Since our daughter started driving, she’s grown more independent. She now has the freedom to get out more often and be more active, but almost everything she does costs money … and she asks us for it often.
First, there’s the gas money she needs to get everywhere. Then, the cash needed for all of her different activities starts to add up—from school sporting events to dinners out with friends to Bible studies that meet at Starbucks to study groups that order pizza. It’s easy to lose track of how much we are doling out on a daily basis.
These activities are great, so we want to support her. But we also had to figure out a better way to manage all this spending and teach her how to handle her own finances, too.
How to Manage Spending
We had her get a debit card. Since our daughter already has a bank account where her work checks are deposited, she could use a debit card linked to that account to purchase everything. Our daughter always checks with us before using it. She has an idea of which costs we will cover and those she will have to pay for herself. For instance, we’ll reimburse any food and drink costs related to meetings, church outings, and study groups. But she has to pay for her own food and drinks at social gatherings.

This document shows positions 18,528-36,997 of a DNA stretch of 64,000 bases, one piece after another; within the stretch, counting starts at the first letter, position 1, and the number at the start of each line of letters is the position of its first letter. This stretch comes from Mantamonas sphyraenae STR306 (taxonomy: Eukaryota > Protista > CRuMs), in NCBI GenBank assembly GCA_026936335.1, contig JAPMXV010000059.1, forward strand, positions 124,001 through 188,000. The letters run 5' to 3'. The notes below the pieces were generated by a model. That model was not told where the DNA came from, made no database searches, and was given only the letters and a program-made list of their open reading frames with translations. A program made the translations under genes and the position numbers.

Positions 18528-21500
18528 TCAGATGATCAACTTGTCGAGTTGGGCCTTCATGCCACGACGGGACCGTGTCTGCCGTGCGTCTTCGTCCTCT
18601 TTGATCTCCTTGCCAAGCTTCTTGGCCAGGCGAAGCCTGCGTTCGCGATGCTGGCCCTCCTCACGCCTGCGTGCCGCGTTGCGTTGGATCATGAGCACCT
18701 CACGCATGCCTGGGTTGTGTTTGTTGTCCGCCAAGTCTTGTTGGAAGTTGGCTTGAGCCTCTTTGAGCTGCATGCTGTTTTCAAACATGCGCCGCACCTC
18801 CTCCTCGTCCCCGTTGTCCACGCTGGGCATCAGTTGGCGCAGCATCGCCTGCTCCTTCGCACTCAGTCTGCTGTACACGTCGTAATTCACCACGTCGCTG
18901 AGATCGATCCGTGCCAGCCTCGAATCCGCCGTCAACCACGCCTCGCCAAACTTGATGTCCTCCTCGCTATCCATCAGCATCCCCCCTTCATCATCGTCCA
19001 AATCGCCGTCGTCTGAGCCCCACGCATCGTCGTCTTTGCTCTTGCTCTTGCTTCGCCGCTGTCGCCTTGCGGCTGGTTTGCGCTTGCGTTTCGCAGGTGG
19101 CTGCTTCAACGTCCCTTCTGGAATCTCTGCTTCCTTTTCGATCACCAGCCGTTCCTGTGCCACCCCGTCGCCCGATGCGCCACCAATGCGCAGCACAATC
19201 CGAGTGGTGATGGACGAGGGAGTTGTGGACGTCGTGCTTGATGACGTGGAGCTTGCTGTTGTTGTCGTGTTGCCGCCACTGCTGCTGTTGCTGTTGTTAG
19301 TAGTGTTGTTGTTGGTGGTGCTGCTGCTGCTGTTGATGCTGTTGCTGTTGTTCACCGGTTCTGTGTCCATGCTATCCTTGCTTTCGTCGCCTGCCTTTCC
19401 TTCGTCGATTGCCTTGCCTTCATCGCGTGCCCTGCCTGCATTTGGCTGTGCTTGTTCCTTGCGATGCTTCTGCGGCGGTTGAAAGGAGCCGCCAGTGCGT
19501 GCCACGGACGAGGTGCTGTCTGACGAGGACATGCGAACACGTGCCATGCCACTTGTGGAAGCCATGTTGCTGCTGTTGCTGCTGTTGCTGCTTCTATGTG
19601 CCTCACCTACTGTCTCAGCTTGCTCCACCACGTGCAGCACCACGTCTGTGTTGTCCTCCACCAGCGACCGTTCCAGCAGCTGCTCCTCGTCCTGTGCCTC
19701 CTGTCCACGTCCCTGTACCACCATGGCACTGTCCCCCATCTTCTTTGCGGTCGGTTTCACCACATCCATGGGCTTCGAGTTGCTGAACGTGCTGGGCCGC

At the end of every month, we review the details of her online statement together and go over her costs. The discussion includes itemizing her expenses to help her better understand where her money is going so she can spend more responsibly. As a result, our daughter has realized that too much of her money goes toward those regular Starbucks stops, so she now makes coffee at home, which has cut those costs dramatically. She still treats herself every now and then, but this was a good lesson to learn.
There are so many life skills we need to teach our teens before they leave home, and managing money is at the top of that list. Having her use a debit card and learn how to monitor her spending has greatly improved her financial literacy.